Color photography can trace its earliest roots to Anna Atkins' mid-nineteenth century botanical cyanotypes. While camera-less, her adoption of the process has led many to consider her to be the world's first female photographer. Curator, historian and artist Ellen Carey's latest exhibition "Women in Colour," on display through September at New York City's Rubber Factory gallery, uses Atkins' legacy to trace the lineage of women working with color photography through present day. Hinging on the recent discovery of tetrachromacy, the hypothesis that women are genetically prone to better discern color than men, Carey uses this exhibition to ask how that might impact female photographers' decision to work in color, and hopes to gain recognition for their often under-exposed work. I spoke with Ellen Carey to learn more about the ideas behind her research and exhibition.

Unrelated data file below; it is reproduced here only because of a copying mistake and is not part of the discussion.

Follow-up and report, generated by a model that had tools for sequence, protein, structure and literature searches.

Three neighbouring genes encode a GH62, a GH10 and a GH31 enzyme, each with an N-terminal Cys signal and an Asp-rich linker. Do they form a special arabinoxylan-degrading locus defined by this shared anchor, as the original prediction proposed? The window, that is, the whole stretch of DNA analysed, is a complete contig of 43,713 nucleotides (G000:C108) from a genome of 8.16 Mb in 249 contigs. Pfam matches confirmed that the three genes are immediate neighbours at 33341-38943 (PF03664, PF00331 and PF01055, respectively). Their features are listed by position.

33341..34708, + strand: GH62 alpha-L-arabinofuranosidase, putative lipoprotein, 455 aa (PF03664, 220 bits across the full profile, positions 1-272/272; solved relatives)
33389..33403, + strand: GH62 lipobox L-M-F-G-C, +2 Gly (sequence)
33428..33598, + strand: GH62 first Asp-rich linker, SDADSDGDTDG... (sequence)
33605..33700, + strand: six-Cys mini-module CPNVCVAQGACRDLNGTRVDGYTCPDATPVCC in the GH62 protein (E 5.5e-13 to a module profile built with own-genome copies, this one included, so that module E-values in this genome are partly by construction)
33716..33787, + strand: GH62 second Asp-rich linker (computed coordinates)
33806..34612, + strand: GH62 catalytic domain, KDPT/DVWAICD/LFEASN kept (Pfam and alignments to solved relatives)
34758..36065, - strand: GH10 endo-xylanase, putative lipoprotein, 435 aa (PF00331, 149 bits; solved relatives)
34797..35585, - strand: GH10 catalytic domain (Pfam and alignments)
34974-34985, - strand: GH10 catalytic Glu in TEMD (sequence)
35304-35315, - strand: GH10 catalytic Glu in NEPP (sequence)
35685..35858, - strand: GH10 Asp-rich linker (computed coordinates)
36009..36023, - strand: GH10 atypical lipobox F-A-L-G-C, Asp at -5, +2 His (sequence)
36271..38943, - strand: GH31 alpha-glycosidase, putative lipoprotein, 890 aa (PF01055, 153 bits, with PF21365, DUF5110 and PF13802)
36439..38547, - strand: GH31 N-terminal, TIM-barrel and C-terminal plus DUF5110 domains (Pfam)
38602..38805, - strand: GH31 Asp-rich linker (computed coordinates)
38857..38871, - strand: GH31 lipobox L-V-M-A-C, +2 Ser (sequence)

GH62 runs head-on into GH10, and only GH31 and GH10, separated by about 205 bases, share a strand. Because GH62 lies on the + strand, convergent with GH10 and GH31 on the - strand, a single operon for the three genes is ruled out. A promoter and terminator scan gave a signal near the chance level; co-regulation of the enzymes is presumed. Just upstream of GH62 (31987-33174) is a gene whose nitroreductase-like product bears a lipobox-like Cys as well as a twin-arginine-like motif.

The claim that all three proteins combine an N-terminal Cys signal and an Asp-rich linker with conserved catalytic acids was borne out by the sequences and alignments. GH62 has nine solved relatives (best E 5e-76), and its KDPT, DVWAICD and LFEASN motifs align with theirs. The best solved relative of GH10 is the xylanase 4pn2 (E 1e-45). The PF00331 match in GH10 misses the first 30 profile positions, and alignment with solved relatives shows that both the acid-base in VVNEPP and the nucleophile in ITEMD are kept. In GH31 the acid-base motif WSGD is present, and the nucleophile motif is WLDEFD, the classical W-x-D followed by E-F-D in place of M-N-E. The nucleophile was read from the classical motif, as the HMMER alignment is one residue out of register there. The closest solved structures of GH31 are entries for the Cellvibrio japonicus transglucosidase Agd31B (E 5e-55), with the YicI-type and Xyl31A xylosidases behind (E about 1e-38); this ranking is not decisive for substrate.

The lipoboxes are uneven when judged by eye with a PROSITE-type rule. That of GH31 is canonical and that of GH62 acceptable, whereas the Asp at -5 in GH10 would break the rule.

Interview by Jon Feinstein